I am often surprised that even the largest family offices and investors have only a small network of fellow investors and peers. Not only is this an unsatisfying way to invest, it can also be detrimental to your business and investment portfolio to be too isolated. When an investment team is far removed from others in their industry or investor group, it can have a number of negative effects.
Here are a few of the drawbacks to going it alone as an investor:
No Exposure to New Strategies and Creative Approaches to Investing
Many family offices that are exceptionally isolated are following the same strategy that they have been executing for years, without consideration of cost-saving measures, innovative strategies, and various changes that could positively impact the portfolio. These methods could include types of club deals, leveraging tax efficient structures, or structuring royalties into minority co-investments for example.
Susceptible to Self-Serving Bias
When you and your team are removed from other investors, it can be easy to justify mediocre or poor performance without acknowledging that others performed better in similar conditions. By exposing your team to your peers, you can develop a better understanding of how similar investors have performed and how you might emulate their successes.
Becoming Blind to New Risks
In the last couple of decades, the economy has become much more global and, consequently, more complicated for investors. Investors need to stay informed and in-the-loop on their investments and the myriad of risks that could hurt the portfolio. Now companies can see their share price slide 5 points on a political shift in a key foreign market, a comment from the head of a central bank, or a Chinese manufacturing survey. For investors, it is important to build your network of contacts that can help keep you apprised of all relevant information that could impact your investments and make you aware of various risks, from growth in sub-prime borrowing to changes in federal law.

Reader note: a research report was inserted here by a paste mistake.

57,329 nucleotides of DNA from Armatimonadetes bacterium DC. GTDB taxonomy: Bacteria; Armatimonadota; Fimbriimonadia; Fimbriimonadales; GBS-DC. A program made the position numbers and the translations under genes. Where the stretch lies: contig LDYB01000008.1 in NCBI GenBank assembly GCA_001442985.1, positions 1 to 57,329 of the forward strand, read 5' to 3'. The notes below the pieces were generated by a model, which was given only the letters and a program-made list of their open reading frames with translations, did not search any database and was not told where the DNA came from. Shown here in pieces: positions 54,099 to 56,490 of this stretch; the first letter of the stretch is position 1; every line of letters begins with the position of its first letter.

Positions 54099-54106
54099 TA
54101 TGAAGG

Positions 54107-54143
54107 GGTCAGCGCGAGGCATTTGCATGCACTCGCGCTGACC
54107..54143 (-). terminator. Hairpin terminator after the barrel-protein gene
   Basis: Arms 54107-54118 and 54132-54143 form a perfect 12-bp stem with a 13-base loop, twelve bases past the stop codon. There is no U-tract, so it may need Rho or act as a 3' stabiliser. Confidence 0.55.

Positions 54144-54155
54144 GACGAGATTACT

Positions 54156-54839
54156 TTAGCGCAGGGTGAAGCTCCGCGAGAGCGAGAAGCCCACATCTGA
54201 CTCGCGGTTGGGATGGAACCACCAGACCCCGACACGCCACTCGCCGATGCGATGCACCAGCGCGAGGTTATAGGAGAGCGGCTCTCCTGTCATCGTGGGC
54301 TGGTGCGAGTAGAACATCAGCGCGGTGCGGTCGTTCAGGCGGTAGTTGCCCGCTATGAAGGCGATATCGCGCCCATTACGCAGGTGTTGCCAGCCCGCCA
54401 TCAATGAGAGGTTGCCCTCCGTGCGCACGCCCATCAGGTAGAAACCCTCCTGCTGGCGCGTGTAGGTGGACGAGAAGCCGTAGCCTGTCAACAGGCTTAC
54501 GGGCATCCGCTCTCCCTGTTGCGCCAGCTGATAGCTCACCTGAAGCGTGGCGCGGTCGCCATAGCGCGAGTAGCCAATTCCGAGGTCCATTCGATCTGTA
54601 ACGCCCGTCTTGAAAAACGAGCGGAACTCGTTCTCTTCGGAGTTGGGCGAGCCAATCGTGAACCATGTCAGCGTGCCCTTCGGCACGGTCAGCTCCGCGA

Lack of Counsel and Support
Many of the family office executives that I work with are seeking to expand their peer network and meet other family offices. Not only are there great business reasons for doing this, but on a more human level it can be satisfying to build relationships with like-minded individuals who have similar aspirations and challenges. These business relationships can help advise you on a problem that they may have experienced before or give you assistance through referrals, resources, and other helpful actions.
Identify Ways to Benefit the Business.
By developing a strong community of peers and business partners, family offices will have a great network to source deals, form new business partnerships and joint ventures, and grow your holdings. For investors with substantial business interests, you may identify a new bolt-on acquisition or land a powerful business for one of your portfolio companies. I constantly find opportunities to introduce parties with similar interests and, in turn, many executives in my network make a point to make valuable introductions for me, such as a family office or business that is looking to sell. You may not even have a clear way to benefit from your network, but it is worth developing the community now with the understanding that you will derive value in ways that you can’t foresee.